Skip to main content

Ranking MLB's Most (and Least) Watchable Teams

Ready to watch baseball? Same.

This season will be different. Surprise!

The storylines and standards are new. For SI’s season preview in 2019, we ranked teams by watchability; in 2020, all baseball might seem either equally watchable (desperately missed after months away) or unwatchable at all (baseball? in this world?) Throw in the weirdness inherent in such a short season—60 games could give us just about anything—and it’s hard to tease out much with the old ideas of what makes a team “watchable.” That said, in terms of just the on-field product, some teams will still be more fun to watch than others. So here they are, ranked in tiers:

Cody Bellinger high-fives Dodgers teammates

Totally Worth It

Los Angeles Dodgers: The Dodgers are so deep, so balanced, so damn good that they almost break the idea of watchability. Their bench and farm system are so loaded; the versatility of their plug-and-play roster makes them well-suited to the sprint of a short season; they’re perfectly positioned to weather anything unexpected. They’re the best team in baseball. (And, also, if you haven’t heard, they now have Mookie Betts. Quite a watchable guy.)

Houston Astros: Remember the discussion about how the Astros would overcome the drama of this winter? How other teams would react? How long it would take them to rewrite the narratives around them? A few months later, it seems adorably quaint to recall how we once thought these would be some of the most crucial dilemmas in baseball in 2020. Regardless, whether you love them or just love to hate them, Houston remains so good that they’re worth tuning in to.

New York Yankees: After an injury-plagued 2019 whose effects had threatened to extend into 2020, the delayed start to the season means that the Yankees should now be fully healthy (or close to it). The chance to watch this roster at full strength is a gift.

Minnesota Twins: We’re not sure what the collective noun is for a group of home runs—a bushel? a barrel? a dingerdom?—but whatever it is, Minnesota will have them en masse, and there’s no feature more watchable than that.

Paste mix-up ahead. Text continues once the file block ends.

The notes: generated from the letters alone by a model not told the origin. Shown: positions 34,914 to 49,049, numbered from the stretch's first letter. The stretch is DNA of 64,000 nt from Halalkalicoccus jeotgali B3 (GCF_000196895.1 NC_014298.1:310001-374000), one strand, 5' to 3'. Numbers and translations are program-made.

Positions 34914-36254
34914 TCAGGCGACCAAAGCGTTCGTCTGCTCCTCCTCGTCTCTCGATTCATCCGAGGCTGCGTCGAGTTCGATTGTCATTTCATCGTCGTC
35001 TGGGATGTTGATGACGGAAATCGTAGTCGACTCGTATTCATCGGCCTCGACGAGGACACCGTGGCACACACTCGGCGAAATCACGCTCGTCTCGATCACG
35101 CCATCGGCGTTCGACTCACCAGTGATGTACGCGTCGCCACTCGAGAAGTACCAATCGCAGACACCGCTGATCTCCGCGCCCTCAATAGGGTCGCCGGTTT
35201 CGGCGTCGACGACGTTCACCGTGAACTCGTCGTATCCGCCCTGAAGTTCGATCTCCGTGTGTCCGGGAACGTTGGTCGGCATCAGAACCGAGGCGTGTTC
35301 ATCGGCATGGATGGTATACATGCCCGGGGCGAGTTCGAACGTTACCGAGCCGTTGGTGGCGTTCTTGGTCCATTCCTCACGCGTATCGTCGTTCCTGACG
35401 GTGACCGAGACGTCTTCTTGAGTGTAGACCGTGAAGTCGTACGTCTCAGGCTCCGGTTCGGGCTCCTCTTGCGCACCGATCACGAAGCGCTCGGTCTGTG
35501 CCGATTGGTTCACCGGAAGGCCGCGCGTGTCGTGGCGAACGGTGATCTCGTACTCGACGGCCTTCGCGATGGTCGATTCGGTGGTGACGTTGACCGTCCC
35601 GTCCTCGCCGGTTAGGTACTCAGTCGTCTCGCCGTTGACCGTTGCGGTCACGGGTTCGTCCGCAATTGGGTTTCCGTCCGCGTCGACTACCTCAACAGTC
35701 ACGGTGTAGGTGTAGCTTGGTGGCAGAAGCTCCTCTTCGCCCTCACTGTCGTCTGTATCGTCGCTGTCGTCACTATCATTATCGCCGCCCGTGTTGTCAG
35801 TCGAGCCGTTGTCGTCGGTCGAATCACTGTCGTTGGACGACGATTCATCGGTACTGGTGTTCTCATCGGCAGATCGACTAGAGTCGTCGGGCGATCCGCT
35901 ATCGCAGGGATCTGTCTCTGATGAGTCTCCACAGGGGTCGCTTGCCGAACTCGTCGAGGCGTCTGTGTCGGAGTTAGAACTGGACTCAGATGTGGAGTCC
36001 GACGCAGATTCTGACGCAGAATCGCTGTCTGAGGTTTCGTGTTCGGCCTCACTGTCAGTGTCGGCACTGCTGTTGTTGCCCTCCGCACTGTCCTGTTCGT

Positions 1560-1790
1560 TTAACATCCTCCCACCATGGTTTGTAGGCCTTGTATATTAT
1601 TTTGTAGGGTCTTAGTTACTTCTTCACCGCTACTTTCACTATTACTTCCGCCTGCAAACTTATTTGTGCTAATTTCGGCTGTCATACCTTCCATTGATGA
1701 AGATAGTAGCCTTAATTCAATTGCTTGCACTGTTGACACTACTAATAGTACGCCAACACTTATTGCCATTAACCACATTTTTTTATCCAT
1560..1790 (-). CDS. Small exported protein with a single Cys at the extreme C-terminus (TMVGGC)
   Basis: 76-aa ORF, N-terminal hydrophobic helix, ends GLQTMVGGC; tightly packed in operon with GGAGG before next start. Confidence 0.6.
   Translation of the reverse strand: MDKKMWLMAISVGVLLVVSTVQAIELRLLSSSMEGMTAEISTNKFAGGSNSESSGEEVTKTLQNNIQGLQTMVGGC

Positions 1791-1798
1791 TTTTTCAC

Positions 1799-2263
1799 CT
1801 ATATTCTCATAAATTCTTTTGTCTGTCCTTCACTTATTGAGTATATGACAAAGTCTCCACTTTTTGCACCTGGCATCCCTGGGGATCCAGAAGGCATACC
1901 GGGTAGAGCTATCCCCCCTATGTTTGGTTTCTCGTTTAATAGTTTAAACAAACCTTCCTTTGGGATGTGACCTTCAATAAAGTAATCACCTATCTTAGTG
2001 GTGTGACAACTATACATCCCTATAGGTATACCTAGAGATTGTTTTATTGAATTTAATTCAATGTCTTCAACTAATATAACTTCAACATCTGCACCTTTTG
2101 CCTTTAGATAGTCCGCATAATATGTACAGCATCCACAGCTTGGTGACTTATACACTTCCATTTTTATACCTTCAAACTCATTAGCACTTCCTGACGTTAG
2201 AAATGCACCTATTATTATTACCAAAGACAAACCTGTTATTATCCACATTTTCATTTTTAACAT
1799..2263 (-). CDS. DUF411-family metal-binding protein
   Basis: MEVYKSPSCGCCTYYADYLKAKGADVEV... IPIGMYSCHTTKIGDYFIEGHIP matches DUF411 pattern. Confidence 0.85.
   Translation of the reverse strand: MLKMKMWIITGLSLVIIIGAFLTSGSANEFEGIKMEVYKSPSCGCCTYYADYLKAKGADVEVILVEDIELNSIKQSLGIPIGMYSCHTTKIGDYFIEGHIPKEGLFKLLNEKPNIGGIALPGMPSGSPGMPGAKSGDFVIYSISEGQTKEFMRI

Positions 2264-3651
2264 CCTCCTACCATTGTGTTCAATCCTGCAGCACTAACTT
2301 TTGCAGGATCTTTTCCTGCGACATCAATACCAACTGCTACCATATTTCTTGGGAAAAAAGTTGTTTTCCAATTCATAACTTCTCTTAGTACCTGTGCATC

Atlanta Braves: Ronald Acuña and Yasiel Puig? It's hard to name a more fun duo. This outfield should be solid in terms of defense, but it'll be absolutely untouchable in terms of personality.

Juan Soto rounds third base

Don't Look Away

Washington Nationals: Juan Soto has a solid case as the single most watchable player in baseball. There are few others who exude so much joy on the field, no matter the game or situation or task at hand. Mix in Trea Turner, Victor Robles, this rotation (Max Scherzer’s intensity is a form of watchability unto itself), and you can’t look away.

Los Angeles Angels: Mike Trout, Shohei Ohtani, Anthony Rendon, hopefully the debut of top prospect Jo Adell—that foundation is so fun to take in that you can let yourself overlook the questions around the pitching staff. (Well, maybe.)

Tampa Bay Rays: Take last year’s fun squad, add in a full season of two-way wunderkind Brendan McKay and the roster trickery needed to accommodate this many DH-types (Yoshitomo Tsutugo, José Martinez, Ji-Man Choi, Nate Lowe), and you’re looking at some quality entertainment.

Oakland A’s: Matt Chapman’s glove and Ramón Laureano’s arm alone would make this team watchable. And thankfully, it has other features (Marcus Semien’s… everything), too.

New York Mets: It’s easy to picture a strong season for the Mets, anchored by the reigning Cy Young and Rookie of the Year. It’s equally easy to picture an injury-laden mess. (And the chaos of a 60-game season will provide less room to even out any bumpiness.) But it’s almost impossible to picture something boring.

Sonny Gray throws a pitch

You Could Do Worse

Chicago White Sox: The White Sox’ rebuild is over, and the question now is just when the new construction will be fully functional and ready to cut the ribbon. This set of young players—Lucas Giolito, Luis Robert, Yoán Moncada, Dylan Cease, Nick Madrigal—should guarantee a team that’s fun to watch no matter how much it wins.

Cincinnati Reds: “Fun” is relative. So, sure, the Reds’ baseline here is tied to the fact that they have not had a winning season since 2013, but after beefing up their lineup this winter—Mike Moustakas, Nick Castellanos, Shogo Akiyama—they just might be “fun” in absolute terms, rather than relative ones.

Chicago Cubs: This is almost the exact same team as the Cubs fielded in 2019, sans Castellanos and Cole Hamels. That means some notably fun spots (Javy Báez) and some notable question marks (the ‘pen) that should even out to a team that’s now clear in the middle of the road so far as watchability.